Ecology and control of Anopheles mosquitoes and human malaria in Guinea Bissau, West Africa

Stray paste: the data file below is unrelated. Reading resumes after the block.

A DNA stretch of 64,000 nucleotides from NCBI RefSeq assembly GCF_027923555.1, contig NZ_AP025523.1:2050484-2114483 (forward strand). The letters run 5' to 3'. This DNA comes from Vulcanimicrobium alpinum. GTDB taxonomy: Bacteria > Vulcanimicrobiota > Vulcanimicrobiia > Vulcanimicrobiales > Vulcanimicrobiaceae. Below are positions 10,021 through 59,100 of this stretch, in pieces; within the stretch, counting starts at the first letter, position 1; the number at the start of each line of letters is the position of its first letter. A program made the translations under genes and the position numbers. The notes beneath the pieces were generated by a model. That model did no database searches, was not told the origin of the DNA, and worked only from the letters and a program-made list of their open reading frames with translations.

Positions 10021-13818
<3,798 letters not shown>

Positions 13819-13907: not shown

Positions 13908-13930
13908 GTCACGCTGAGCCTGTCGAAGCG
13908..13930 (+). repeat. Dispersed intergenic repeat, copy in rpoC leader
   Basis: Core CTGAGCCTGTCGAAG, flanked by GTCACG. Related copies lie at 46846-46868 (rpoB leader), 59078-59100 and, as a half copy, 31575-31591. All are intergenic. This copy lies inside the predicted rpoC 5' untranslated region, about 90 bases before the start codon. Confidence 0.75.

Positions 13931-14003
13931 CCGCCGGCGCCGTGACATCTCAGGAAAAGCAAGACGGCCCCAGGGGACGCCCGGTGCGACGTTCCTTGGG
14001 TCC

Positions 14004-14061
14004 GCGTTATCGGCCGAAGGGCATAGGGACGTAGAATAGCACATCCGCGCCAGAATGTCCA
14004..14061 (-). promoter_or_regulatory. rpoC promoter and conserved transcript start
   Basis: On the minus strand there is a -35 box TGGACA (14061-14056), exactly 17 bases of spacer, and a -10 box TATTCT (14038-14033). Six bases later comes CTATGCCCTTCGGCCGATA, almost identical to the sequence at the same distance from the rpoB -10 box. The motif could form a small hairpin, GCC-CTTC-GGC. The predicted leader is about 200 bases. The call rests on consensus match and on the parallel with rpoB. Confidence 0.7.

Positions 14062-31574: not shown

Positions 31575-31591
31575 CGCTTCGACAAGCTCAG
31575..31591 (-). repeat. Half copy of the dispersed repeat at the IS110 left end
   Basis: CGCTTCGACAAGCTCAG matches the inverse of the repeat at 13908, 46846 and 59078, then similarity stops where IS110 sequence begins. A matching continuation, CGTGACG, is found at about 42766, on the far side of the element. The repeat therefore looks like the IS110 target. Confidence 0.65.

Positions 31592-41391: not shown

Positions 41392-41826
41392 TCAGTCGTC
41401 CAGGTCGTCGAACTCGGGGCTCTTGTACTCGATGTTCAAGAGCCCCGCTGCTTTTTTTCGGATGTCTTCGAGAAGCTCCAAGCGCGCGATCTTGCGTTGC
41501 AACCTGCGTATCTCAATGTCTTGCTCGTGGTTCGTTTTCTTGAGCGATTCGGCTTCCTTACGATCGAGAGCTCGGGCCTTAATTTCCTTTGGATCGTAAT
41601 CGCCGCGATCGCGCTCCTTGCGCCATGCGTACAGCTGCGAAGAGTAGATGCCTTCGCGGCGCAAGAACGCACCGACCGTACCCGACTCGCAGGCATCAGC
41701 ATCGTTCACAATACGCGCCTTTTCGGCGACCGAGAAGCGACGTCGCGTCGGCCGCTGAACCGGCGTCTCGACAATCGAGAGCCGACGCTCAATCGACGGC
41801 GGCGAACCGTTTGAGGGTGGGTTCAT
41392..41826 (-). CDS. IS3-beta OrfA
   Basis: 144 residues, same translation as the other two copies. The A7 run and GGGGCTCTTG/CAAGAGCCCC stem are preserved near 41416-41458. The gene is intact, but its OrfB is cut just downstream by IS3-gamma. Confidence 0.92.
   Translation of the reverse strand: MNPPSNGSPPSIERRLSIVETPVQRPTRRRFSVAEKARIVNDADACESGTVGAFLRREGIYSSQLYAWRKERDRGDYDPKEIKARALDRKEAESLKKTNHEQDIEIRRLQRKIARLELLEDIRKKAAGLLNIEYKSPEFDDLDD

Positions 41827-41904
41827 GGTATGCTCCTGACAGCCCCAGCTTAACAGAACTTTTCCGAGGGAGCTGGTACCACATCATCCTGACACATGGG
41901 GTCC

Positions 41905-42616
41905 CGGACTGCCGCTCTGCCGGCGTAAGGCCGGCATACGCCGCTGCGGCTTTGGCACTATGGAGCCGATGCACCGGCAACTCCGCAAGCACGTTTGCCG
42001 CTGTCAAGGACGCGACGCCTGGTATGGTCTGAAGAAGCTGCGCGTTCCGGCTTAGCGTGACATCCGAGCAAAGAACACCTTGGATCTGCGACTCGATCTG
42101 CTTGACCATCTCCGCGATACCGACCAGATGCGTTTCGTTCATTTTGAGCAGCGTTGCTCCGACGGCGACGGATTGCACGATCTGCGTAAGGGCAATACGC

Abstract: This thesis analyses the relationship between risk of exposure to infective Anophelesmosquitoes and different environmental factors, in particular house construction, presence ofdomestic animals and house location, in coastal Guinea Bissau, West Africa. The potentialeffect of permethrin-impregnated bed nets on mosquito abundance in bed rooms, and on thePlasmodium parasite prevalence in children was also analysed. In addition, measures frequentlyused traditionally against mosquitoes in the Oio region of Guinea Bissau were identified andexperimentally evaluated.The house construction, in particular presence of open eaves, and presence of animals (pigs)in the house and a well in the garden were factors associated with increased mosquitoabundance indoors.Permethrin-impregnated bed nets dramatically reduced mosquito abundance indoors. Also,the malaria (Plasmodium) parasite prevalence was significantly lower in children sleepingunder impregnated bed nets compared to that of children sleeping under unimpregnated bednets.The most commonly used natural mosquito repellents were based on the plants Hyptissuaveolens and Daniellia oliveri. Experiments, both indoors and outdoors, revealed that these and certain other plants traditionally used in Guinea Bissau possess significant mosquito repellent properties. Increased knowledge about traditionally used mosquito repellents may reveal that certain of these plant-derived products may have particular advantages over imported synthetic arthropod repellents and chemical pesticides.
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